The University of Exeter and the Charles Causley Trust have celebrated current and future collaborations with a special ceremony held online.
The two organisations have cemented their burgeoning relationship with the signing of a Memorandum of Understanding witnessed by representatives from both sides.
Charles Causley was a prolific 20th century Cornish poet, who was narrowly pipped to the post of Poet Laureate by Ted Hughes. He was also a University of Exeter academic and the University holds a large collection of Charles’ poems and papers in its Special Collections, bequeathed by Charles himself, including correspondence between himself and Siegfried Sassoon.
The University of Exeter and the Charles Causley Trust have been working together over the last three years to find ways of maximising the teaching and research potential of the Charles Causley Archive and they have developed a National Lottery Heritage Fund with English Heritage to work together in Launceston to support arts and heritage events in and around Launceston Castle.
This year the two organisations have worked collaboratively on The Causley Digital Festival of Arts & Literature, held in July, and a number of work placements and internships for University students have been organised.
Nicola Nuttall, Heritage Innovation Theme Lead at the University of Exeter, said: “We are absolutely delighted to sign this partnership agreement with the Charles Causley Trust. The genesis for the relationship dates back to when Charles was an academic at the University of Exeter. Charles’ bequest of a large selection of his own papers and poems has led us on a journey exploring research, education and engagement opportunities. The signing marks another significant point in that journey and it is a real pleasure to be working with the Trust to develop future aspirations and collaborative practice.”
Charles, who was born in 1917, was widely published and revered as a poet. He was made a Fellow and Companion of the Royal Society of Literature, received the Queens Gold Medal for Poetry and was Visiting Fellow in Poetry at the University of Exeter in the 1970’s. Charles lived almost his entire life in Launceston and his home, Cyprus Well, is now a writers retreat. He died at the age of 86 in 2003.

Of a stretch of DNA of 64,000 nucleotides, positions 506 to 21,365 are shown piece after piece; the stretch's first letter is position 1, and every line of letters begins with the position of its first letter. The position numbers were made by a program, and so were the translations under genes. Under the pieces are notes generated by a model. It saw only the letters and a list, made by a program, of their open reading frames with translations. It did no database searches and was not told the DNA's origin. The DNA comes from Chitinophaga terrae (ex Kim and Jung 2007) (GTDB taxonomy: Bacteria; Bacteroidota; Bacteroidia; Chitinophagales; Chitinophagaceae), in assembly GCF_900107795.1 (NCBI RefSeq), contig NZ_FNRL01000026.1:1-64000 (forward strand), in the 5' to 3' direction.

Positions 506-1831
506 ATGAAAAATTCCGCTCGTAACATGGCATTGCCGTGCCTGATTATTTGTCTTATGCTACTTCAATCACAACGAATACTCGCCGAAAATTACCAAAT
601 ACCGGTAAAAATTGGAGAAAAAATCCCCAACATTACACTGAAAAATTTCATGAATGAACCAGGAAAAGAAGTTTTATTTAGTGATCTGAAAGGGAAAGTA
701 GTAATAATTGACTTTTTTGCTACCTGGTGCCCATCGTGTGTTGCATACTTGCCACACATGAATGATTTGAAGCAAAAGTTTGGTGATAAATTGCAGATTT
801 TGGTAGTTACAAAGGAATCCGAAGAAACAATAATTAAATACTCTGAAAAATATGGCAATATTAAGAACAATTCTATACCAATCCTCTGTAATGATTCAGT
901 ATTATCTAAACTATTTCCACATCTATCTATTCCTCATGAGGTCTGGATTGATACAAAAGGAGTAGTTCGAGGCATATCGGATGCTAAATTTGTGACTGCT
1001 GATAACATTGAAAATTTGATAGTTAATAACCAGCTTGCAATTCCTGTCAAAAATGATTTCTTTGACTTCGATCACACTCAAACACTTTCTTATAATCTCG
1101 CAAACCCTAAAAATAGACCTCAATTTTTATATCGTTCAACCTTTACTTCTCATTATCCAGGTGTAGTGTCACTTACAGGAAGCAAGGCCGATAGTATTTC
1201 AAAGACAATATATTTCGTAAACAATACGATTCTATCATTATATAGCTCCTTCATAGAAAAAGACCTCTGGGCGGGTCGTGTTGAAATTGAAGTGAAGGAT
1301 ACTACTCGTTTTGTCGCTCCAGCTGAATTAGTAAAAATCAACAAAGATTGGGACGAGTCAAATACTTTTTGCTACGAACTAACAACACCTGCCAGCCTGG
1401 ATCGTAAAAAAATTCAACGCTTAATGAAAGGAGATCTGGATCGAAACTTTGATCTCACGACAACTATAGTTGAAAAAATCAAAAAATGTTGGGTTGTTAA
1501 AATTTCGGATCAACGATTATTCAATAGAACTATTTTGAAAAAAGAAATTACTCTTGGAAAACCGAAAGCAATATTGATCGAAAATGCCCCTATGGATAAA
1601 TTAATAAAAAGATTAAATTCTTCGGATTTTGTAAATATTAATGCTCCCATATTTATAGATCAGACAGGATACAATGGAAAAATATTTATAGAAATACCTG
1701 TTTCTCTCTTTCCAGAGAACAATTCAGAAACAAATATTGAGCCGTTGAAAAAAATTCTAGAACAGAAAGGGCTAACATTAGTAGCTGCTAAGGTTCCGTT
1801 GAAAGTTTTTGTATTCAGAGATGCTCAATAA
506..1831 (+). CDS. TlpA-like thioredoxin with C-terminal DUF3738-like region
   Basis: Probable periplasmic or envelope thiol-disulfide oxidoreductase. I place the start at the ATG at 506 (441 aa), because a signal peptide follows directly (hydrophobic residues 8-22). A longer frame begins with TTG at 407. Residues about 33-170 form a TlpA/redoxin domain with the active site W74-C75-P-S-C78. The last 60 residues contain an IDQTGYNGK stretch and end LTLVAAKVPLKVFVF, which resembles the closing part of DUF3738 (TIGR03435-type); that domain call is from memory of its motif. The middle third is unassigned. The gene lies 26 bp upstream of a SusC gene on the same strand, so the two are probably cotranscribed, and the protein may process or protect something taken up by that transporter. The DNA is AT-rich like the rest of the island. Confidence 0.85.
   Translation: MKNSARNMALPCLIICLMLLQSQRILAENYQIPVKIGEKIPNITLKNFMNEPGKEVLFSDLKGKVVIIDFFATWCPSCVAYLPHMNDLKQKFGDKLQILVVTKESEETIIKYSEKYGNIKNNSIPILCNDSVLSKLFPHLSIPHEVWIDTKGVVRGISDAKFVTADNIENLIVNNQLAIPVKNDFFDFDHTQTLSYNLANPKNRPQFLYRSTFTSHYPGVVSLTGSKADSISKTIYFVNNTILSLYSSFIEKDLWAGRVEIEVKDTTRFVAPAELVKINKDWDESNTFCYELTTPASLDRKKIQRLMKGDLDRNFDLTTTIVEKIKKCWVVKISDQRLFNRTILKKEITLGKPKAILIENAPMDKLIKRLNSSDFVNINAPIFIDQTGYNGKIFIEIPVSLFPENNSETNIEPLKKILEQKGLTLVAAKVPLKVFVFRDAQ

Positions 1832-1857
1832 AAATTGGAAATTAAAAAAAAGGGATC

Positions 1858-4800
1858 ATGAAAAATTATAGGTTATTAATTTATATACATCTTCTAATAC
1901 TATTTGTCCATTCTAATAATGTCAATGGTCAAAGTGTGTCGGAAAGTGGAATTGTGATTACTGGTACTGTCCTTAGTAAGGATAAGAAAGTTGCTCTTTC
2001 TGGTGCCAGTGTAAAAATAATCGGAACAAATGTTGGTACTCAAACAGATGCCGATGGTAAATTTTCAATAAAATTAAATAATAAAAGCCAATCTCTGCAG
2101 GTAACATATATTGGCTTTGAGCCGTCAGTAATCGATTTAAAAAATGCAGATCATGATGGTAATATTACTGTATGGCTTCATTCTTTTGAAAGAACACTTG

The Charles Causley Trust was initially established to celebrate Charles’ work and preserve his home ‘Cyprus Well’ after his death. The Trust has now grown and developed into an organisation that supports and enables engagement with the arts for all and is funded by Arts Council England, Cornwall Council and Launceston Town Council.
The signing and event were held virtually with attendees from both the University and the CCT. It is hoped that a physical celebration will take place in the near future, when Covid restrictions begin to ease.
Kate Campbell, Director of The Charles Causley Trust, said: ‘This signing of the Memorandum of Understanding marks a significant development in the growth of our organisation and the work that we do. We are delighted to join forces with the University of Exeter to work together to create opportunities for people of all ages and backgrounds to engage with literature, the arts and creativity. Charles knew that having a creative outlet was the very cornerstone of his life and I think he would be delighted to know his legacy lives on in this way, encouraging and supporting others. We are very excited for the future’.